A few paragraphs up I wrote, “‘Counter-Revisionism’ is his [Hutton’s] name for Whitmore’s position.” Some may object to this, but Hutton makes this clear on p.238 of his article. He talks about counter-revisionism, but rather than trying to identify some group with this label he states that he’s going to analyze Whitmore’s book because it “is the longest and most sustained product of this school.” Or put another way, there really isn’t any counter-revisionism, there’s just Whitmore and a few people who have supported and/or added to some of Whitmore’s ideas.
Hutton writes, “By destroying my credibility, at least among Pagans, he seems to believe that the problem of revisionism [i.e., Hutton’s approach] is removed.” He adds, “if his [Whitmore’s] allegations were generally believed to be true, then I [Hutton] would not be allowed to retain a post at a university.”
As I stated earlier, this is the real crux. It has nothing to do with who is right and who is wrong. It has everything to do with Hutton keeping his reputation and his job. As I wrote above, “Hutton, to defend his career and reputation, had no choice but to respond and respond strongly.” In fact, he writes that he has given a general reply before and will deal with this in detail in his “new publications.” Wow! The implication is that Hutton is taking the claims of Whitmore very seriously, so seriously that he has to respond to it repeatedly. It sounds like Whitmore has struck a nerve.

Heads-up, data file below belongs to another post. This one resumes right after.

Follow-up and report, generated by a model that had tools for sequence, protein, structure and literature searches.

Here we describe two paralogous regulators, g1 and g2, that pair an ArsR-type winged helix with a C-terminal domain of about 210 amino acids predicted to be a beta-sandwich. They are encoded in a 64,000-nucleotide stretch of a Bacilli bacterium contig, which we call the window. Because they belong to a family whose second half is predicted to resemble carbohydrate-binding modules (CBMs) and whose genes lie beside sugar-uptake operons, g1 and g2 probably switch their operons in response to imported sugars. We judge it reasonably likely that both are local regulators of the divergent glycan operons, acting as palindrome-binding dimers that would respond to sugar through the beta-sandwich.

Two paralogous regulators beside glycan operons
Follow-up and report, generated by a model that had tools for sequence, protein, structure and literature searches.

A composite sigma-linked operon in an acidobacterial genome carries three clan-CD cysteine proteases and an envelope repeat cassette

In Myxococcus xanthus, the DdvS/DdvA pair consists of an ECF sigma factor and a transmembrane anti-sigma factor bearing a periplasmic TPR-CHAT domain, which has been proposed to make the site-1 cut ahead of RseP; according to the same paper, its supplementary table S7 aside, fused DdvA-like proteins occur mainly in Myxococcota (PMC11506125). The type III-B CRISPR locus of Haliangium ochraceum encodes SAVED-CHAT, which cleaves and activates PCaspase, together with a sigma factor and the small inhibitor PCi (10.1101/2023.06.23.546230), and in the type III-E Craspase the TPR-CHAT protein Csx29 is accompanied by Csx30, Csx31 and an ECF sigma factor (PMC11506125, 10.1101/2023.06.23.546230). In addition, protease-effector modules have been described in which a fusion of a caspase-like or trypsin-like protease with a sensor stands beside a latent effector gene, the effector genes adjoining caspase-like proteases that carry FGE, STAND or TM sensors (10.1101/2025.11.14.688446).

And indeed, Hutton goes on a very serious personal attack, claiming that Whitmore labors under a delusion, fails to realize things, has a wrong premise, knew “absolutely nothing” about certain research, ignores other arguments, misuses sources, etc. For proof Hutton does what any good historian would do, he quotes other historians.
Hutton concludes by saying that Whitmore’s problem is “not a lack of intelligence, industry and (at times) access to source material, but his ideology itself.” Bravo! That’s exactly correct. Whitmore has an ideology, a belief system, and this shades all of his writing and includes distortions, deletions, and generalizations (hmm, I think I wrote that some time ago).
Hutton states that this “…blocks off both a true understanding of the nature of the issues and the data involved…” Again, he is exactly correct. Whitmore has all of this and more.
Why is he correct? Because everyone has beliefs or ideologies that filter what we experience. Everyone deletes, generalizes, and distorts information that comes to us. I absolutely do this. I don’t pretend not to.
But the implication by Hutton is that he, the professional historian, is completely objective. He, the professor, is above it. Supposedly above the entrance to the Temple of Apollo at Delphi (according to Pausanias) were the above words, transliterated as gnōthi seauton, which are Greek for “know thyself.” I would submit that by not acknowledging that he, too, has an ideology, that he, too, distorts, generalizes, and deletes the information he acquires, he is not doing a good job at knowing himself. I find this a common experience among historians who fail to acknowledge that their histories are just that: their histories.
Hutton, after spending all this time denouncing counter-revisionism (i.e., Whitmore) in this article, in previous writings and, he promises, in future writings, then admits that “Counter-revisionism is, however, not a feature of contemporary Paganism in general…” In other words, few people care about Whitmore’s claims. But Hutton takes him very seriously. Again, he’s defending his reputation and career. I’d do the same thing in Hutton’s position, albeit perhaps not in the same way.